Mental health problems impose a staggering worldwide public health burden. Regrettably, whereas many sciences have been progressing for centuries (e.g., biology, chemistry) it is only recently that the strategies of science have been applied to the field of clinical psychology. At this relatively early stage in the science of clinical psychology, the majority of work is ahead of us, and as such the prepared investigator must be familiar with the full portfolio of modern research strategies- a set of "directions" for getting from "here" to "there." To continue to move the science of clinical psychology forward, investigators benefit when they systematically rely on research strategy "routes" that achieve favorable balances between scientific rigor and clinical relevance. With this need in mind, The Oxford Handbook of Research Strategies for Clinical Psychology has recruited some of the field's foremost experts to explicate the essential research strategies currently used across the modern clinical psychology landscape that maximize both precision and significance. Chapters in this volume address design, measurement, and analytic strategies for clinical psychology, including comprehensive coverage of: * effective laboratory methods in experimental psychopathology, single-case experimental designs, small pilot trials, the randomized controlled trial, adaptive and modular treatment designs, and dissemination methods and models * change measurement, observational coding, measurement of process variables across treatment, structural and functional brain imagining, and experience sampling data collection methods * statistical power, correlation and regression, randomized clinical trial data analysis, conventions in mediation and moderation analysis, structural equation modeling, meta-analytic techniques, item-response theory, and the appropriate handling of missing data The book concludes with an integrative summary of research strategies addressed across the volume, and guidelines for future directions in research methodology, design, and analysis that will keep our young science moving forward in a manner that maximizes scientific rigor and clinical relevance.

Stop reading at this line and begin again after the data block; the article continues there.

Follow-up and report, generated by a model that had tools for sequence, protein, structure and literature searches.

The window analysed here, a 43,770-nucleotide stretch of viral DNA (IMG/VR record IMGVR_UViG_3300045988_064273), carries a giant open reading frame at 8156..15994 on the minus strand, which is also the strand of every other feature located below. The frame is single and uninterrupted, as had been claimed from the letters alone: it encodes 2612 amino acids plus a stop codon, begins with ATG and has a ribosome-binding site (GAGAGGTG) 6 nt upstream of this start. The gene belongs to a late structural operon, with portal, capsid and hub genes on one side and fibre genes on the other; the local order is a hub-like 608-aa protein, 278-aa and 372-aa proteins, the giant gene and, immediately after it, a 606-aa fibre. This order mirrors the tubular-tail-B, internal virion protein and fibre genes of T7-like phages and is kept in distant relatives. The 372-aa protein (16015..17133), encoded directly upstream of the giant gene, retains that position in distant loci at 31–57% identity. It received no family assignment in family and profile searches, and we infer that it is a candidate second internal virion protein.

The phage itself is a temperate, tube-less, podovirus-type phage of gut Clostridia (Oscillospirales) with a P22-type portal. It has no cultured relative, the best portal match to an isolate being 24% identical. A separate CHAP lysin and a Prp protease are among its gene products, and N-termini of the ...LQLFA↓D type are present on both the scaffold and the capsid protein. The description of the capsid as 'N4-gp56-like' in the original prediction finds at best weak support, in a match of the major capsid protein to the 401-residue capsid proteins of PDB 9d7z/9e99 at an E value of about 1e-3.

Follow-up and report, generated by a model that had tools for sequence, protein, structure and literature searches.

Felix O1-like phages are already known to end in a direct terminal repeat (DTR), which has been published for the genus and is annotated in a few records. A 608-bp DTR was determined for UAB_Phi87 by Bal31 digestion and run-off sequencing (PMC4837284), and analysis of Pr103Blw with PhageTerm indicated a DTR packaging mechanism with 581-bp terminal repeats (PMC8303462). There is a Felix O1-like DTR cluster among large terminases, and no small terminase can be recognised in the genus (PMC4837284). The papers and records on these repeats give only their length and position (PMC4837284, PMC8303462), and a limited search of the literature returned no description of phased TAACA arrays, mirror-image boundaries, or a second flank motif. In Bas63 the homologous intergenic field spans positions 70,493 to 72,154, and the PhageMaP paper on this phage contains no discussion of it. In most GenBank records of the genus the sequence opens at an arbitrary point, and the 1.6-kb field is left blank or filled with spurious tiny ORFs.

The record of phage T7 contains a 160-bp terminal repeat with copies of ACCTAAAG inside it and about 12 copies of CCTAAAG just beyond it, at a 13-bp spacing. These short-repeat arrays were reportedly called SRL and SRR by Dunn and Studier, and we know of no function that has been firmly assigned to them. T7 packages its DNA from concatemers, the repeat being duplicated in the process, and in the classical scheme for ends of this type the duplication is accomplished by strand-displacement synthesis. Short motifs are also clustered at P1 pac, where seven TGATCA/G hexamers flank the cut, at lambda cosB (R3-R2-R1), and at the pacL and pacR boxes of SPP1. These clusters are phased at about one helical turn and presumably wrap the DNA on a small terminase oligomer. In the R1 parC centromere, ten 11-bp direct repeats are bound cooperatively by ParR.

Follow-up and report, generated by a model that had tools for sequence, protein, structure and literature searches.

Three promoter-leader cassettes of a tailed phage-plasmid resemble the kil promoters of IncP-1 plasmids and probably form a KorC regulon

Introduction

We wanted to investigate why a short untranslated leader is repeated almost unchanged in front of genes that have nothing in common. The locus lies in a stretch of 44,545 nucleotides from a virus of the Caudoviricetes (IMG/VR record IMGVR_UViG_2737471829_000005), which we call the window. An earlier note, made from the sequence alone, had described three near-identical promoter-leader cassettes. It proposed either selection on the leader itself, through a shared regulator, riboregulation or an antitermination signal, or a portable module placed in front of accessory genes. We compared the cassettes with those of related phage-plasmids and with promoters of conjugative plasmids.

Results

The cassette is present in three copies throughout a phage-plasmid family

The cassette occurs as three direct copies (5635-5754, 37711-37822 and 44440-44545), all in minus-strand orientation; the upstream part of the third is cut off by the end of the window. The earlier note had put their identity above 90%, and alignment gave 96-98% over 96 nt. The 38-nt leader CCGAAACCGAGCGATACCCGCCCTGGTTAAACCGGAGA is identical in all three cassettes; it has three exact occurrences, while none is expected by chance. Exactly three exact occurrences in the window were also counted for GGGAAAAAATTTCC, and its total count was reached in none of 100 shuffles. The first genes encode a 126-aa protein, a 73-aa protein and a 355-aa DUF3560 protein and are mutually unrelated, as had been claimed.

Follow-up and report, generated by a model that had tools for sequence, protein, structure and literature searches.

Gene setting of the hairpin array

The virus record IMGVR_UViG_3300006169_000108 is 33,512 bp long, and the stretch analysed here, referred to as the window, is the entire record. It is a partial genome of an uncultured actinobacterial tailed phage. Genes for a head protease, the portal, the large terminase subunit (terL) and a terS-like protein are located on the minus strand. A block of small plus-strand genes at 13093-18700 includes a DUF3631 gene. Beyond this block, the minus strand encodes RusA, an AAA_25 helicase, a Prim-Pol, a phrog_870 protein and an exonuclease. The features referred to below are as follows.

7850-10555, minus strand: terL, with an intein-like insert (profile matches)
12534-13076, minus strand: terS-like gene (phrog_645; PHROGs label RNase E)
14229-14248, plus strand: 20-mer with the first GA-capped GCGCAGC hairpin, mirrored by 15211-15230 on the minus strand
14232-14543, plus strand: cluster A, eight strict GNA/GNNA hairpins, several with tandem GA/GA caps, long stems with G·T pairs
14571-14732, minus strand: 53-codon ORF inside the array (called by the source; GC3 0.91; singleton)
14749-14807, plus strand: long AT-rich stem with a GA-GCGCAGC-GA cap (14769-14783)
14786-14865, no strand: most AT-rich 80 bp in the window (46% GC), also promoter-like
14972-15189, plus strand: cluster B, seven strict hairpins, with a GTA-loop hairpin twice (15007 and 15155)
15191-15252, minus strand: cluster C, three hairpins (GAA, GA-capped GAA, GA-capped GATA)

About the Editors:
Jonathan S. Comer, Ph.D., serves as Director of the Early Childhood Interventions Program of Boston University, an interdisciplinary clinical research laboratory in the Center for Anxiety and Related Disorders devoted to expanding the quality and accessibility of mental health care for very young children.
Philip C. Kendall, Ph.D., is Laura H. Carnell Professor and Distinguished University Professor in the Department of Psychology at Temple University.